Whether a design attempts to stick to geography or embraces abstraction, transit maps can take a range of approaches to communicate complicated systems. In many cases, the end results fall short, creating a confusing mess of colors and lines. But occasionally, a transit guide combines art and information in a truly memorable way, as was the case in Massimo Vignelli's 1970s rendering of the New York City subway system, which the New Yorker dubbed, "a nearly canonical piece of abstract graphic design" with its square Central Park and bold colors.
Now, many riders plan out their routes not with a system map but with the aid of Google or an app created by the transit agency. That probably makes things a bit easier, really, but we still love the look of a city-encompassing system-wide guide that opens up possibilities you didn't even know to go searching for.
Here are some examples of the best and most interesting transit maps, starting with a map from the nation's capital that embraces the best of Vignelli's design: bold, clean lines with some geographic liberties taken here and there.
In addition to being super clear and bright, WMATA's system map also includes a nod to the area's big tourism draws, which helps anchor the otherwise pretty abstracted image in a sense of place — even if it shows places you want to avoid.
BART's Bay Area system map shares a similar aesthetic for a quickly legible final product.
Like a more chilled out version of Washington, D.C.'s transit guide, Los Angeles' Metro rail and busway map is subtler with thinner route lines, calming colors and a nice bit of a real estate given over to the ocean, offering the impression that you're never far from an ocean breeze. At least on paper. It also does a nice job of incorporating under construction lines and offering just enough place name information to help further orient users.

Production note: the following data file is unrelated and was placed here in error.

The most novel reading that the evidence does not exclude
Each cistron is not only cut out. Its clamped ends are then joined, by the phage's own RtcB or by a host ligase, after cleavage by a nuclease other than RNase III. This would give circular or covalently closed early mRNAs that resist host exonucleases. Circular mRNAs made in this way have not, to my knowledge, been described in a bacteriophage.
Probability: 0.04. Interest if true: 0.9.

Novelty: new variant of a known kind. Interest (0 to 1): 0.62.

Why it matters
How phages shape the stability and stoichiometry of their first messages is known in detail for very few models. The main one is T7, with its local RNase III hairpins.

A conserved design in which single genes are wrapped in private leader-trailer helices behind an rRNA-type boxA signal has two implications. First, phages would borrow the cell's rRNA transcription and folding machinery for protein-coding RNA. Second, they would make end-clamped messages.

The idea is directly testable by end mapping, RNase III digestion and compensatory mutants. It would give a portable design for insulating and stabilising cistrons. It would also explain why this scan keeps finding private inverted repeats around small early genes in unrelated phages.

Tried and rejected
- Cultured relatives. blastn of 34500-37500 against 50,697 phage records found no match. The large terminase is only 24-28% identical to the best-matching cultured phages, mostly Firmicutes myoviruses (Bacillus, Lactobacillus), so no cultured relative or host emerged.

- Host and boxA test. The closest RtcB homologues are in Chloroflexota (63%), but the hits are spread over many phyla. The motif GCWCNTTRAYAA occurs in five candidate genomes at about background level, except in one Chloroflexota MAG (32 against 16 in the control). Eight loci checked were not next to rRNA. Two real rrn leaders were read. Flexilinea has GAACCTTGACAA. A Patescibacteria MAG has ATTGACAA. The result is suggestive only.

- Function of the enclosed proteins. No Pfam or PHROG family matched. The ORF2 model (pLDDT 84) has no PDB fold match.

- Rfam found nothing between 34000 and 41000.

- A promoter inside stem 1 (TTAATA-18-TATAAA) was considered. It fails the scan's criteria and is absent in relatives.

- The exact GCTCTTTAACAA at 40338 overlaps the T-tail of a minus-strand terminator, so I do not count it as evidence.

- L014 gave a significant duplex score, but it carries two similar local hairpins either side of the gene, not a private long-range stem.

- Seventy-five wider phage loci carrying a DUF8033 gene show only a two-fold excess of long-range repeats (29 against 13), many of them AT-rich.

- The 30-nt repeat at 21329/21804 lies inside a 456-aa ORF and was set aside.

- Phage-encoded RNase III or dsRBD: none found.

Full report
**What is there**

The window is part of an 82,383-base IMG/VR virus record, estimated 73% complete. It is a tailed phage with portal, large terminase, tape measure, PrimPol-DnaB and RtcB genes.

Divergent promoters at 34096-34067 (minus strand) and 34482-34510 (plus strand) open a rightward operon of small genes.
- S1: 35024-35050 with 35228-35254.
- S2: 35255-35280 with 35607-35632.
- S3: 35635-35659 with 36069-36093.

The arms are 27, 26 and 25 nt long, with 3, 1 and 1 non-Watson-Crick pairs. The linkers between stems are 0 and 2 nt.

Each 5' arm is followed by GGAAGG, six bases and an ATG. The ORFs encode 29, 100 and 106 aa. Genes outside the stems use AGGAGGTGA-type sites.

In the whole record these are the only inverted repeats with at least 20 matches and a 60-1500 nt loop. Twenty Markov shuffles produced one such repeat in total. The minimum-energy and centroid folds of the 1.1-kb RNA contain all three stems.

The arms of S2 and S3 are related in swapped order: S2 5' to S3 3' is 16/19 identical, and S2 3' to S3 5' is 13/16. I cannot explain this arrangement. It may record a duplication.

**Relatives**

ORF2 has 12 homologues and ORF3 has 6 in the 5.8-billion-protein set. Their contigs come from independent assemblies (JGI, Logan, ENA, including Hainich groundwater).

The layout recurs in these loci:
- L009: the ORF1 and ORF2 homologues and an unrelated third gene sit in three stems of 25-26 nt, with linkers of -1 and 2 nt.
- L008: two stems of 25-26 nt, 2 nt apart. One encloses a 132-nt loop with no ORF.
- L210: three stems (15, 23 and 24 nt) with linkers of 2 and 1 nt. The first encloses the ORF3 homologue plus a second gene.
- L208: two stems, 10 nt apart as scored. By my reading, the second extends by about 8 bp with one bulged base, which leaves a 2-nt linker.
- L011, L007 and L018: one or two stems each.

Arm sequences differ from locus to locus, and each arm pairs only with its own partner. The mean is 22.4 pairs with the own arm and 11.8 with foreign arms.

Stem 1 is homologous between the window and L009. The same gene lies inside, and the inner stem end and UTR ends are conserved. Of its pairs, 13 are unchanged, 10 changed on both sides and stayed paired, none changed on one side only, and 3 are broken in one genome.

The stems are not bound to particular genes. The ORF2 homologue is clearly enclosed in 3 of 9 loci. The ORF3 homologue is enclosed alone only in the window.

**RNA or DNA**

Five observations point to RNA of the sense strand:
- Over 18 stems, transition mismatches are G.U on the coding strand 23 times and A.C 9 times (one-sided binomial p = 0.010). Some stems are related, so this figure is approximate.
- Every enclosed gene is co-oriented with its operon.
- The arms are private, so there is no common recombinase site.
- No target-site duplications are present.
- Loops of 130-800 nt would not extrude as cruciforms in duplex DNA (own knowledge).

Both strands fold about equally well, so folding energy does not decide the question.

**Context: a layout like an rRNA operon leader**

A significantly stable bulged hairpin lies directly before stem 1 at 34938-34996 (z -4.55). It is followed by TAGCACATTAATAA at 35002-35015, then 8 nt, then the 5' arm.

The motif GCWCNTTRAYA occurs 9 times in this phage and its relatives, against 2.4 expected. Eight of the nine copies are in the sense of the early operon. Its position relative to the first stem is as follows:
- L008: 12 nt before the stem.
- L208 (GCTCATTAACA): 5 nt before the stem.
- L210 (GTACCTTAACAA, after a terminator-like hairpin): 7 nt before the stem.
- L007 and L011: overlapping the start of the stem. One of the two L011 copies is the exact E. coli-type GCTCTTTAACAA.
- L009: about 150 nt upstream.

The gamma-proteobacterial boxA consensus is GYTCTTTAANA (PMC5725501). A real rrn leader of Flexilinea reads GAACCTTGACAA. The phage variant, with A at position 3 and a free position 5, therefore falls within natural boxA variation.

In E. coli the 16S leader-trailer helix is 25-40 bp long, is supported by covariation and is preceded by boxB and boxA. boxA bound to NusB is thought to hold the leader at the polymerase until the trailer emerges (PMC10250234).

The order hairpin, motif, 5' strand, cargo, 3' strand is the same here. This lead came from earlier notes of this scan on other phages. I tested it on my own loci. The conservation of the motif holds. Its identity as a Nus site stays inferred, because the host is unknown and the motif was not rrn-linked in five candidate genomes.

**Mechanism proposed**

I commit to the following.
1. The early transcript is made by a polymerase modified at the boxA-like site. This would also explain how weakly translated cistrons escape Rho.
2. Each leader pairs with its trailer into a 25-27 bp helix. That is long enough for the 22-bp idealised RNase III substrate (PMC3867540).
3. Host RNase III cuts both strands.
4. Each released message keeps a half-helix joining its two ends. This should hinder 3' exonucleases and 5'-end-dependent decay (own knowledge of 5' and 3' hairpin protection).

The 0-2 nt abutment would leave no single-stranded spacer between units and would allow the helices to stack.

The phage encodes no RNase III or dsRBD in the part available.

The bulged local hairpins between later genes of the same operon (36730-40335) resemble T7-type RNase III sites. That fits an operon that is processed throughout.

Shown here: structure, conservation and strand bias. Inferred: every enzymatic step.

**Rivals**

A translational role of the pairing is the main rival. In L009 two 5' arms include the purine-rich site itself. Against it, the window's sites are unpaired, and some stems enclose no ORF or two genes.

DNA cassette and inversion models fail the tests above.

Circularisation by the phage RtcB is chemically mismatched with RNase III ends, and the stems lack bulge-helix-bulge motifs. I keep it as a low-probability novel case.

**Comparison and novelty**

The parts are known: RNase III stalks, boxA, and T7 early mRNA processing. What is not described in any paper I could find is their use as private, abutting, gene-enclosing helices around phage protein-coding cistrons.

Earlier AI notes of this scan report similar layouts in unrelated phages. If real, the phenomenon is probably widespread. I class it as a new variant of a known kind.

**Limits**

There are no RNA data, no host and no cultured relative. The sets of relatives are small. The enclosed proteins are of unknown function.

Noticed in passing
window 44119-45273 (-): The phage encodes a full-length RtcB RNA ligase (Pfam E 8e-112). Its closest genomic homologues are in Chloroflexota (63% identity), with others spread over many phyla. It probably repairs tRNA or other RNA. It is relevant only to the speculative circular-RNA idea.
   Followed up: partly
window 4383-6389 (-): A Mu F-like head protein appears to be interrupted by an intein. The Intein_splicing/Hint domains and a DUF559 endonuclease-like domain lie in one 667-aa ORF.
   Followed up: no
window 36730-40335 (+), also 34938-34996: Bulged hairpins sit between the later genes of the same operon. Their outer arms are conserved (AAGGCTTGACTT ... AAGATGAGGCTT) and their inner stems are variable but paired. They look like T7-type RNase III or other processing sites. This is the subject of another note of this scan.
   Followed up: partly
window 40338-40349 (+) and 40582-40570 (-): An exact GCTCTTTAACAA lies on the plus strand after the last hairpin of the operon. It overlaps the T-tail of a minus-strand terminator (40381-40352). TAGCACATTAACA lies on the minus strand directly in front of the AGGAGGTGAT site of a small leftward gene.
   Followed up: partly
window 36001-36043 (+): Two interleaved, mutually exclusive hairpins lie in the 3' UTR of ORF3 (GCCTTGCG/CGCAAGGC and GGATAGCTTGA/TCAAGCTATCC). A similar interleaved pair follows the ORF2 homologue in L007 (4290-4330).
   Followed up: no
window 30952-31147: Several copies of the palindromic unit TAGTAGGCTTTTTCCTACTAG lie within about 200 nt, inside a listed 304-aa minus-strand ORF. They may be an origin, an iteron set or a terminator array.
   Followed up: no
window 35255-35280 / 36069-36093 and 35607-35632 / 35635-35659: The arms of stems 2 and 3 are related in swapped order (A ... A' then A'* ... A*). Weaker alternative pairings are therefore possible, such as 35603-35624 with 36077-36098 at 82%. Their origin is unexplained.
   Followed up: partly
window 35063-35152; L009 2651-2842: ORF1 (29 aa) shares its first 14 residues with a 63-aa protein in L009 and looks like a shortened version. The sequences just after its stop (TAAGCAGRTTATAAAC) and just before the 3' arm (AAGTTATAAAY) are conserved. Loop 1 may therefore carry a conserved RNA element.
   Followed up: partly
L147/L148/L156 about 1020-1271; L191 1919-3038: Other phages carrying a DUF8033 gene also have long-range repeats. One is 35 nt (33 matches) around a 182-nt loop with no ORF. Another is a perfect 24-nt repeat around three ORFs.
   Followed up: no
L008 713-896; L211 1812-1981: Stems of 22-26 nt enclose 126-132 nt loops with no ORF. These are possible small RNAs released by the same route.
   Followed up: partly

Denver has been working recently to shore up a solid regional system with frequent transit options in the urban core. Indeed, the rail map points to the regional orientation but riders can also access free-ride areas in the core, which includes shuttle stops aligned with a commuter rail along the 16th Street Mall pedestrian and transit corridor. The map manages to cram in a lot of information about different pricing zones, regional bus service, planned routes and more without being too overwhelming.
What's nice about Portland's City Center map, though it's just a detail of the larger system, is the inclusion of information about the frequency of service. That type of information is critical for riders but often missing on transit maps. The distinction between "frequent" and "standard" service could stand to be clearer, certainly, but it's a start. It's also nice to see rail and bus service together, which can quickly get complicated if not done well, resulting in a sort of rainbow spaghetti.
For a map that pretty much does it all, Houston Metro's manages the job well. It includes information about route frequency, the availability of bicycle parking, multimodal connectivity and has separate maps highlighting its high-frequency network, park and ride and service around busy destinations like downtown and the Texas Medical Center.
Of course, some of the best examples have come from other countries entirely, including Montreal's map featuring a black background, Amsterdam's park and waterway-rich rendering or Lisbon's whimsical take on transit.